Enlighten Me: Newark Union Cemetery
Last month, we met Bob and Anne Daly, a retired couple working preserve the Newark Union Church and Cemetery. That story focused on their effort to restore the church, but the adjacent cemetery also offers a story - a story of history hiding in plain sight.
Contributor Larry Nagengast takes us back to the Newark Union Church and Cemetery this week to tell that story.
It’s almost an embarrassing admission but it demonstrates Delaware’s unique ability to keep some of its secret treasures under wraps.
Historian Kim Burdick, the author of “Revolutionary Delaware” and resident curator of the Hale-Byrnes House near Stanton, where George Washington and his aides met to plan strategy between the Battle of Cooch’s Bridge and the Battle of the Brandywine, lived in Brandywine Hundred from 1979 to 2008.
But it wasn’t until last year that she learned of the Newark Union Cemetery, a four-acre burial ground with some grave markers more than 330 years old and the remains of seven men who fought in the Revolution.
The cemetery in Brandywine Hundred is less than a mile from Philadelphia Pike, a key segment of the Washington-Rochambeau Revolutionary Route, the path Washington followed to Yorktown, Virginia, for the final battle of the war. Fifteen years ago, Burdick led the commemoration of the 225th anniversary of that march in both Delaware and along the Eastern Seaboard. Still, she says of Newark Union, “I never knew it was there.”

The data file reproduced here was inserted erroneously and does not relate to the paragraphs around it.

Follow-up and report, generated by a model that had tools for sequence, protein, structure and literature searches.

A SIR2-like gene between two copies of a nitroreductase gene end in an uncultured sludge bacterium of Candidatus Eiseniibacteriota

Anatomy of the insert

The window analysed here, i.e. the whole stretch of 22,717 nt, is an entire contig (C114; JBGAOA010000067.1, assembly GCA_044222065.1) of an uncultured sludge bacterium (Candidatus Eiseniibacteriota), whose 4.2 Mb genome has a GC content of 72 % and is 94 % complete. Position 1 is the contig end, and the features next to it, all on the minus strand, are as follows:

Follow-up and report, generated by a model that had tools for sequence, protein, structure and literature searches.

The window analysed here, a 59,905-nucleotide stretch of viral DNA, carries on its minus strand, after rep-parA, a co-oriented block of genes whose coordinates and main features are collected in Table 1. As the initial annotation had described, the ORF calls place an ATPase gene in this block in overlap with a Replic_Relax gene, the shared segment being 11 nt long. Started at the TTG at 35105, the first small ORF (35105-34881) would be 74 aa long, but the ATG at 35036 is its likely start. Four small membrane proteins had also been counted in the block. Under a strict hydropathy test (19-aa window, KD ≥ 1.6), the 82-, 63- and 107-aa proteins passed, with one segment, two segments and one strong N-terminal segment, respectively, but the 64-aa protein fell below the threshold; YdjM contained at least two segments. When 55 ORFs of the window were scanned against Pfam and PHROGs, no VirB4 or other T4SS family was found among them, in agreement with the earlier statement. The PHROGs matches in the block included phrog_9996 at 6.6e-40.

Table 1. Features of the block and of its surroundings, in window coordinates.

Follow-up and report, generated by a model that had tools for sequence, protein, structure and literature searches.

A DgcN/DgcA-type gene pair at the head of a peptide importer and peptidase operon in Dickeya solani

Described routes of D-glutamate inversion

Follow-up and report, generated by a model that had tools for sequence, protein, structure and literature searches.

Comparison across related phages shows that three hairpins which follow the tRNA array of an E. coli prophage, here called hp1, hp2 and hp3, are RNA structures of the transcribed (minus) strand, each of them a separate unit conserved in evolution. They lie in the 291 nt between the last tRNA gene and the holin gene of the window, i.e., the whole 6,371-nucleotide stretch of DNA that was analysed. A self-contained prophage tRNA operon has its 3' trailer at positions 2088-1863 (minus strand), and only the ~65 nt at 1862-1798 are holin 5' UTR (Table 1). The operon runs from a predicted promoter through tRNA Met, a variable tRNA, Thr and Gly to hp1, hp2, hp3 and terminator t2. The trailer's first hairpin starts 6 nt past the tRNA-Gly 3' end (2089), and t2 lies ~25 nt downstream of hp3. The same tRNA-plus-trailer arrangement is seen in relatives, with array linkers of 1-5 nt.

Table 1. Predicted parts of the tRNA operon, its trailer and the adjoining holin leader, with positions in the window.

Burdick is not alone her experience.
“Until two years ago, I’d never been here,” says Brandywine Hundred historian and preservationist James R. Hanby Sr., some of whose ancestors are buried in the cemetery.
Forgotten by some and overlooked by many more, the cemetery is now getting fresh attention, due in large part to the efforts of Bob and Anne Daly, who last year took over as president and treasurer of the Newark Union Corporation, the nonprofit responsible for both the cemetery and the adjacent Newark Union Church, a nondenominational house of worship with Quaker roots that was built in 1845 and has been largely unused for the past 50 years. Both the church and cemetery are listed on the National Register of Historic Places.
The Dalys, DuPont Co. retirees who moved into a house across the street from the church three years ago, are now managing the transformation of the church into a meeting and event venue, and a restoration of the cemetery, whose most obvious needs were repairs to portions of its stone walls and raising more than 200 fallen headstones.
“It’s beautiful, bucolic, tucked away, serene,” says New Castle County Councilman John Cartier, an enthusiastic supporter of the restoration efforts.
The project is relying heavily on volunteer support and grants from government agencies, foundations and nonprofit organizations. “The corporation has an investment account that maintains the church and cemetery property, but it’s not significant enough to cover repairs and restoration, so we need donations and grants,” Anne Daly says. The corporation received certification early this year as a nonprofit organization, so it is now in a better position to solicit grants, she says.
The Dalys took over leadership of the corporation from Ray and Jean Weldin, part of an iconic Brandywine Hundred farming family whose name is attached to roads, housing subdivisions and at least one historic home in the area.
Members of the Weldin family have been associated with the church since 1845, Anne Daly said, but their association with the cemetery dates back even longer.
Two Weldins – George, who died in 1796, and Jacob, who died in 1844 – and a Weldin in-law, Andrew Gibson, who died in 1802, are among the seven Revolutionary War veterans buried there. The first member of the family to have been buried at Newark Union was Joseph Weldin, who lived from 1722 to 1783.